Falling short in Darfur

Paper pushing is the worst way to deal with genocidal crises.

Paper pushing worsens the situation in Darfur in Sudan, while the discussion of placing U.N. peacekeeping forces is in its preliminary state.

To prevent a greater catastrophe from contributing to what already is the gravest human condition in our world today, urgency is required. Yugoslavia and Rwanda taught that it is not enough to just have the troops; that it also is necessary to have a mandate allowing troops to intervene if the situation calls for such measures. Stopping the violence requires a large enough peacekeeping force that bears some authority. The conflict in Sudan is growing, and the resettlement of 200,000 refuges proves that the conflict literally has leaked into Chad.

To date, there actually has been no action as far as sending U.N. peacekeeping forces to the region. The United Nations has, however, planned to prepare for such an occasion in case a resolution is passed. The African Union has been in Sudan for more than a year without much success; it lacks the financial support it needs to serve its purpose as a peacekeeping force. The African Union itself maintains that its resources are almost exhausted and soon will cease to function in the region. The inadequacy of the 7,000 African Union troops funded by the European Union is clear; the troops simply are outsourced and outnumbered. In February, the United States was the U.N. head country and it did a fair enough job of being consistent on the issue, but the United States itself cannot do much, especially considering the idea that U.S. citizens would be drastically opposed to the idea of sending American troops.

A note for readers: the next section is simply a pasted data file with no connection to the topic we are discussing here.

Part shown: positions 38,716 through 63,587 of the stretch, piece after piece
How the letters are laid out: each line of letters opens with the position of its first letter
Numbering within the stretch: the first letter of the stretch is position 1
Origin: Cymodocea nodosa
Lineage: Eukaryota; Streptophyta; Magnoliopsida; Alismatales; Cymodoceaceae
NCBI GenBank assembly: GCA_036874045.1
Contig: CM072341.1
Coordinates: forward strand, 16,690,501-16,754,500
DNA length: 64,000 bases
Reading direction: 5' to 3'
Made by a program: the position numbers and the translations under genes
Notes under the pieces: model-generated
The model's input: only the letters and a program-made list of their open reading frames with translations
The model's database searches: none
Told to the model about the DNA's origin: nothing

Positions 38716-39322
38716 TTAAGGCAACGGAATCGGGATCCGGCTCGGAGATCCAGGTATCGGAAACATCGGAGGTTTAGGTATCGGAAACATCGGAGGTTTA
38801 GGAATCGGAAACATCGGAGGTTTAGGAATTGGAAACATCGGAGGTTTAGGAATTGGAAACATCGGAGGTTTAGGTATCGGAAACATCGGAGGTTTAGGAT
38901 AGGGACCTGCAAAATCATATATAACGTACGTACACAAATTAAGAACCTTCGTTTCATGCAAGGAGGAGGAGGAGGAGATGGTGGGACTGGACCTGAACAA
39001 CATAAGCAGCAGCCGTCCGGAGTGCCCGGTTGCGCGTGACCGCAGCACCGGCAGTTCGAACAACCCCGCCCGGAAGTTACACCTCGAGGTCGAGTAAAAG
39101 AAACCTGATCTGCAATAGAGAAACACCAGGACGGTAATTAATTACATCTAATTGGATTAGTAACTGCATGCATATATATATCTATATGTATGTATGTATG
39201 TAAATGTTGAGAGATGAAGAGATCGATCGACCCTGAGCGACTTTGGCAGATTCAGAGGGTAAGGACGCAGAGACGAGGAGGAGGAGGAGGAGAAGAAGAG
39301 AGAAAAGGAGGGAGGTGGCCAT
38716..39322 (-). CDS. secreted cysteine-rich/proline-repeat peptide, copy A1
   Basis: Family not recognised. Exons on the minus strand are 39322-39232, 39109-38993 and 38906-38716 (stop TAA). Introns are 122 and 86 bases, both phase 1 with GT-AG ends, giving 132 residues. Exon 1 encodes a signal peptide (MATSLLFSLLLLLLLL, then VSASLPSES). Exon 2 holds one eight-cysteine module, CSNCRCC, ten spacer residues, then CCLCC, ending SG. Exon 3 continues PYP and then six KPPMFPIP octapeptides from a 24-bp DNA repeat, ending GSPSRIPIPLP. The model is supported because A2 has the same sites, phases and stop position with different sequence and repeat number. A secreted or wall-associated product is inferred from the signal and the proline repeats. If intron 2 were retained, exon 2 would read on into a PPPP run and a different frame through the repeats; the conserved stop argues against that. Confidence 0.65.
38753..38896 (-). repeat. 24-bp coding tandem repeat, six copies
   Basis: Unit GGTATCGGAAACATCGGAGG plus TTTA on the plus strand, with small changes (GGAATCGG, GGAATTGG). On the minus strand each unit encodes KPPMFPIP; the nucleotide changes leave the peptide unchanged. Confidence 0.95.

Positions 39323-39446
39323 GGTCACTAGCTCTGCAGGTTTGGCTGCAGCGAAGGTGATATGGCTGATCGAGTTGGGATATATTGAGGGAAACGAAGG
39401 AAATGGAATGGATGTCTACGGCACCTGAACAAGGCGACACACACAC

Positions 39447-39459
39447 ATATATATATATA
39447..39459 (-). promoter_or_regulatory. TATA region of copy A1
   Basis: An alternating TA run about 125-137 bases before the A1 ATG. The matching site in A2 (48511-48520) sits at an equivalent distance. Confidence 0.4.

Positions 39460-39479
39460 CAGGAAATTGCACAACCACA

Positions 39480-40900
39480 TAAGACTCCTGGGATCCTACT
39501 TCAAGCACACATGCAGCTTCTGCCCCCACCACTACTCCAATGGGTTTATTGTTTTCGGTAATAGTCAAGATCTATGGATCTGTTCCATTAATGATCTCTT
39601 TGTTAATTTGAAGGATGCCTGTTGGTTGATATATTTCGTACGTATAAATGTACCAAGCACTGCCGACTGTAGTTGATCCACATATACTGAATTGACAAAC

It is interesting how the United States was quick to send forces into Afghanistan and Iraq, but it could not help its own citizens after Katrina, and it does not dare think of placing American troops in conflicted Darfur even though the humanitarian concern is obvious. This is not to undermine the work of the United States, but it is true that not enough is being done.

When disasters strike, we allow them to continue to punish and penetrate their victims. The compression of space and time is one of the characteristics of our world. Yet, when urgency and efficiency is crucial, a few papers are pushed around from office to office while people die.